Covering a contemporary event like an election can always gain from historical references and the piece that argued that any mahagathbandhan in 2019 would benefit from understanding the dynamics that came into play in 1977 (‘The ‘Unholy Alliance’ Against Modi, and the Election He Wants Us to Forget’, December 31) is an example of how this works.
There is also scope for bringing the personal into the political. The touchy-feely intimacy of the open letter, ‘Dear Rahul Gandhi, India Needs a Leader Who Will Do the Right Thing’ (December 22), with its argument that India needs the “refreshment of truth” at a time when “doublespeak, propaganda, spin, and outright falsehood have dominated the national discourse” seemed to have been popular with readers.
All media organisations seek to add heft to their election coverage by inviting expert opinion, and here the goodwill that a platform has built up over the years is a valuable resource when it comes to attracting such contributions. One of the more nuanced election prognoses I came across over the last few weeks was on this platform – it was subsequently carried in the Business Standard. Written by an associate professor of political science who was clearly unswayed by the exhilaration of the recent election verdicts, the piece ‘Brand Narendra Modi Is Not Yet Dead’(December 23), calmly surveyed the chaos of the electoral battleground at a point when brand Modi, not being able to play on the “optimism of aspirations” as was the case 2014, is leaning heavily on the “cynicism of desperation” to achieve a favourable verdict.
The writer then poses an important and multi-layered question: “How will the electorate behave in times of desperation? In generic social crisis engulfing cumulatively, will the electorate feel it is more important to punish Modi for what he failed to deliver or will it come to the conclusion he is the best amongst the worst?”
Another invitee – who happens to be on the board of governors of the Oxford Centre for Hindu Studies – presented a rather full-blooded defence of Rahul Gandhi’s public embrace of Hinduism as the only response possible to counter the BJP’s Hindutva. What I found intriguing about this piece was the way it framed Gandhi’s “new-found religiosity” as the perfect antidote to his great-grandfather’s “wrongheaded notion of secularism”. Such a formulation would certainly present the Congress president with a quandary (‘Can Rahul Gandhi’s New-Found Religiosity Help Fight Hindutva?’, December 26). So far, he has not publicly distanced himself from Nehruvian secularism. The question is, is he inclined to do so?
Meghalaya’s mining disaster
The unconscionably late response to the tragedy that befell an estimated 15 miners in Meghalaya is a huge and spreading blot on India and on the governments at the state and Centre. While India now sees itself as too powerful a nation to accept assistance from outside the country in crises such as this one, its own systems are cranked up invariably when the situation has gone past the stage of hopelessness.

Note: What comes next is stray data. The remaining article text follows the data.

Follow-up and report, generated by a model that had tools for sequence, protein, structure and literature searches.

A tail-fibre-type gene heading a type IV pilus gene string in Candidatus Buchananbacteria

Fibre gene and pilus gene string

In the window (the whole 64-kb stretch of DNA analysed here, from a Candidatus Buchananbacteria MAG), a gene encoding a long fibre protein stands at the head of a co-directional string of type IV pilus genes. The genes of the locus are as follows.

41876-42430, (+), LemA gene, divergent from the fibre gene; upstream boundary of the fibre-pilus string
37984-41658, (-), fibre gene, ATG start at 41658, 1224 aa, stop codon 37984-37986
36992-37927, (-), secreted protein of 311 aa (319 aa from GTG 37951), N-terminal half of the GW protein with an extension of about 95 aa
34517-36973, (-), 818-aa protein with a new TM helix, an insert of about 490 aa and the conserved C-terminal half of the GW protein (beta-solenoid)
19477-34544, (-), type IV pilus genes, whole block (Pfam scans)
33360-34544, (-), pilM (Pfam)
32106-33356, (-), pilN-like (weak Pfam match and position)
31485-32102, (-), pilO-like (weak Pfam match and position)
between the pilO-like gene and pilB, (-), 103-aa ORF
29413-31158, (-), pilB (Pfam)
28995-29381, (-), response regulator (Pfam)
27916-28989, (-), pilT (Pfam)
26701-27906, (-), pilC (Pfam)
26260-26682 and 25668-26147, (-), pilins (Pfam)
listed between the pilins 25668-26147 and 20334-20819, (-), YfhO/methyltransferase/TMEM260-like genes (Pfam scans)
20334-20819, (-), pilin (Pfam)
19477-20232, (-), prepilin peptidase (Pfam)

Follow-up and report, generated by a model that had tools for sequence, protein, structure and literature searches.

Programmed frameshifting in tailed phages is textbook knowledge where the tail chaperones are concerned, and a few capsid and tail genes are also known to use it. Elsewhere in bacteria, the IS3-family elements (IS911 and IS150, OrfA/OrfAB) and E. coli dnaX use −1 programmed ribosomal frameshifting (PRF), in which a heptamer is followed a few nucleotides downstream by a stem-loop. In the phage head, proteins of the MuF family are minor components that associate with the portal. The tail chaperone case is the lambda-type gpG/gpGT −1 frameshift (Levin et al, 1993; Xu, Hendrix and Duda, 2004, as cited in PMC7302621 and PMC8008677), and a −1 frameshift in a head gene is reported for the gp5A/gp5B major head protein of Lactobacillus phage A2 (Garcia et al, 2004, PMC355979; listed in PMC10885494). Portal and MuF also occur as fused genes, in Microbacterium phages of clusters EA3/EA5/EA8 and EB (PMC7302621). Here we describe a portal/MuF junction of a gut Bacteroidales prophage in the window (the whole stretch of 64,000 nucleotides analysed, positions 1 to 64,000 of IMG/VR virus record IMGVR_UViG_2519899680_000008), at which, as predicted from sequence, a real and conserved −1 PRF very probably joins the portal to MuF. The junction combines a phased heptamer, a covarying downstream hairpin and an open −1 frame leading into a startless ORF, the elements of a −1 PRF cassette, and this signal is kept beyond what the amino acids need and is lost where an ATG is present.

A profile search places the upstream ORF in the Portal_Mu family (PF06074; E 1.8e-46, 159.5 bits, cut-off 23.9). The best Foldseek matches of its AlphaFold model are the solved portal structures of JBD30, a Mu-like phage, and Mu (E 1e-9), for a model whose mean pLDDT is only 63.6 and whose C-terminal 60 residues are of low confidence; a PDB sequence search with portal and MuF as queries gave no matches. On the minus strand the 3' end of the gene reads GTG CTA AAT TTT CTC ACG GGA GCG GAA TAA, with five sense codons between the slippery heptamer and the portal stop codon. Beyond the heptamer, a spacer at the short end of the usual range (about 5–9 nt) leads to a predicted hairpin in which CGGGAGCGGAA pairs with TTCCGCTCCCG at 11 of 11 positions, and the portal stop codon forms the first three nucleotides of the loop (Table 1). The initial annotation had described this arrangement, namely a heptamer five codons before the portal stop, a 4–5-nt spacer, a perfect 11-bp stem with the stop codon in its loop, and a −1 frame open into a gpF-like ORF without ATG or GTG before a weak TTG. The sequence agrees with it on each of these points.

Unfortunately, the mainstream media’s response this time has been just as languid, seized by the “out-of-sight, out-of-mind” complex. The fact that the mining operations known as “rat-hole mining” were illegal was seized as a ready excuse by the authorities to sit back until it was too late.
Another factor that added to the general obfuscation was the power that Meghalaya’s coal mafia exercises in the area, intimidating not just local villagers who bear the human cost of such operations into silence but the state government itself. As The Wire piece, ‘Trapped Meghalaya Miners Are the Latest Victims of Years of Labour Exploitation’ (December 29) notes, the mafia has its ways to silence critics.
RTI activist Agnes Kharshiing was brutally attacked by a powerful miners’ lobby in East Jaintia Hills in November while verifying information about illegal mines in the area along with fellow activist Amita Sangma. The article goes on to quote a WhatsApp note from Kharshiing, who escaped within an inch of her life, to the writer: “it is difficult to believe that the local authorities are not in the know about illegal mining going on in these areas with the help of cheap labour brought in from various places.”
Written a couple of days after the tragedy struck, and updated and republished since then, the piece highlighted the utterly unsafe conditions in which these miners work through the eye-witness account of Abdul Karim, who suffered a spinal cord injury when a rock fell on him, leaving him paralysed at the age of 28. Now his family waits to learn of the fate of his older brother, one of the 15-odd trapped in that water-logged seam of coal over 300 feet below the ground.
A reader of The Wire, Omprakash S. Mantri, has just signed up as a supporter of this news portal by authorising the auto-debiting of a certain sum from his credit card every month. He wants to know the procedure of stopping these donations, should he choose to do so in the future. According to The Wire manager, all Mr Mantri has to do to end his subscription is to instruct his bankers to cancel the auto instruction left with them.
Another reader, Balasubramanian from Bengaluru, made the wry comment that advertisements put out by the government of India seem to be chasing the Indian citizens everywhere they turn, and yet they have no option to close the ads or opt out of viewing them. He believes that The Wire should do a story on this problem, which will certainly get bigger as the general election draws closer.